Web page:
satellites each, about 800 miles up.

As they pass overhead, Teledesic's satellites will communicate using
500-MHz radios with fixed terminals scattered among 50-mile-diameter 64Mbps
cells. Each satellite will exchange bits with its eight nearest neighbors,
using 2.4Gbps lasers. They'll switch 3 terabits per second total, out of
which Twyver plans to sell 100Gbps.

Teledesic will be a worldwide switching fabric. It will map IP addresses
into latitudes and longitudes. IP packets will be carried in flows of
fixed-length Teledesic packets -- an IPv6 control packet should fit in just
one Teledesic packet. On average, packets will travel worldwide through
five satellite hops in 75 milliseconds.

In April of this year, Boeing became Teledesic's $9 billion prime
contractor and $100 million equity partner, keeping Teledesic something of
an all-Seattle operation.

Teledesic's satellites will not fall randomly out of the sky onto your
house, Twyver says. After about 10 years, each will fire retro rockets to
de-orbit, disintegrating during re-entry.

Starting in 2002, Teledesic will offer 2Mbps Internet access through
terminals that are projected to cost $1,000. Sadly, Twyver plans to offer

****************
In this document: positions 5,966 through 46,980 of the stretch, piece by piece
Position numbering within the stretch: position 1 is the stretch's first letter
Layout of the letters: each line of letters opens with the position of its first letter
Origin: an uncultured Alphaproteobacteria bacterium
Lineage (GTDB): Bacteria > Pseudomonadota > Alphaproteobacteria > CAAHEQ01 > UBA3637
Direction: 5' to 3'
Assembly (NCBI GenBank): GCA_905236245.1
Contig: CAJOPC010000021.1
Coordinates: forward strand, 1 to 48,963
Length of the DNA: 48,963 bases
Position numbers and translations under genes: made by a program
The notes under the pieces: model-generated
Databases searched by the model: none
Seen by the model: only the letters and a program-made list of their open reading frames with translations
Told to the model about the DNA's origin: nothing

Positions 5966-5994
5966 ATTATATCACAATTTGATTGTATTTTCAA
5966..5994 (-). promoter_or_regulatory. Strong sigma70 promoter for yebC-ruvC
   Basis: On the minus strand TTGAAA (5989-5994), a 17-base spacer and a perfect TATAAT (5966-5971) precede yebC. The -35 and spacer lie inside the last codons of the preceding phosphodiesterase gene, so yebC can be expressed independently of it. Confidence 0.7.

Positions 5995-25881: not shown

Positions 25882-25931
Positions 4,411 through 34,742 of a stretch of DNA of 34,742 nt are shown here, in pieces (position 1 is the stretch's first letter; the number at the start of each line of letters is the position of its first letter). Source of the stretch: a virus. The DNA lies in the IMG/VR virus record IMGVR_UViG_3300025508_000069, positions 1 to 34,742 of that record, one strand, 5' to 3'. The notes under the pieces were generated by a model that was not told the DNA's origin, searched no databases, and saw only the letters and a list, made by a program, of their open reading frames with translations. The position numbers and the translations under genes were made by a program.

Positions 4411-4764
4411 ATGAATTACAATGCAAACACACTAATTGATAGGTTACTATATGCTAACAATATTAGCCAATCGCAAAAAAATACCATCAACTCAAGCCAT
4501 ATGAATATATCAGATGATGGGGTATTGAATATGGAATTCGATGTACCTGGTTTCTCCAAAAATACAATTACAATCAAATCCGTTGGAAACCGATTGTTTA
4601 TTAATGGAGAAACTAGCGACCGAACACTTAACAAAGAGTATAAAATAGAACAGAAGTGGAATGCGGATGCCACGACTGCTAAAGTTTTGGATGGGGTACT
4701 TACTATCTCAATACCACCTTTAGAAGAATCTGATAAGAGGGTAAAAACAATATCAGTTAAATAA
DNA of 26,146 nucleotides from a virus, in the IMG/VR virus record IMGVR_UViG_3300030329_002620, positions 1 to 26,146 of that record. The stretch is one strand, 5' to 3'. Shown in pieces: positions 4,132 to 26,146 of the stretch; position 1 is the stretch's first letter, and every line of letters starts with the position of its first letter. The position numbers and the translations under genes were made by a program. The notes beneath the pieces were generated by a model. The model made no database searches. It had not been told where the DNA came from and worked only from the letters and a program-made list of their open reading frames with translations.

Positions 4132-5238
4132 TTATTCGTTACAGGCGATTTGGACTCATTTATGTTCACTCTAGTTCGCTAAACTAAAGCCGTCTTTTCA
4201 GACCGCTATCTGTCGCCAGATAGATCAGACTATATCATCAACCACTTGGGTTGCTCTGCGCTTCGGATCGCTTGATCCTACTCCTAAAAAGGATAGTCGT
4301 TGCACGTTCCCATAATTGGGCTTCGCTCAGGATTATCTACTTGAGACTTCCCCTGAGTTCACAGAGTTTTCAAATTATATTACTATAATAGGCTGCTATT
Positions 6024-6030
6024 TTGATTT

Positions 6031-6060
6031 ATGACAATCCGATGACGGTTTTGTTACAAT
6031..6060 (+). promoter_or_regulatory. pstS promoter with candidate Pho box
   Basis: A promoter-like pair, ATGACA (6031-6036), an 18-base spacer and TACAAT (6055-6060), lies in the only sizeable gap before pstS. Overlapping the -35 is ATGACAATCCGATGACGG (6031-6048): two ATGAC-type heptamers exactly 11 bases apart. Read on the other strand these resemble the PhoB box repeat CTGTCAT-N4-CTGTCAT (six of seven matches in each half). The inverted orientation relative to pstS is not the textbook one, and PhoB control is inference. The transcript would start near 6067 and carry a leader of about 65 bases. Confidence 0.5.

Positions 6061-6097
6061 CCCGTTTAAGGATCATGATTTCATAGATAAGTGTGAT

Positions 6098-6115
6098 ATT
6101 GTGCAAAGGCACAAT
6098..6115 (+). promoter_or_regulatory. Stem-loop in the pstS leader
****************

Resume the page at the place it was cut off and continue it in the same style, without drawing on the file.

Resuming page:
this access not in competition with the world's telecommunications
monopolies but through them.

Of course, Teledesic's worldwide access might naturally encourage these
glacial monopolies to compete aggressively with one another, but only after
hell freezes over.

Maybe you've heard the news reports recently about the frozen comets that
crash into Earth's atmosphere every few seconds. Those reports started me
wondering: Does Teledesic's constellation stand more than a snowball's
chance in hell? I wouldn't bet against McCaw and Gates. And if Twyver can't
pull Teledesic off, nobody can.

Rohit Khare /// MCI Internet Architecture (BOS) /// khare@mci.net
Voice+Pager: (617) 960-5131  VNet: 370-5131   Fax: (617) 960-1009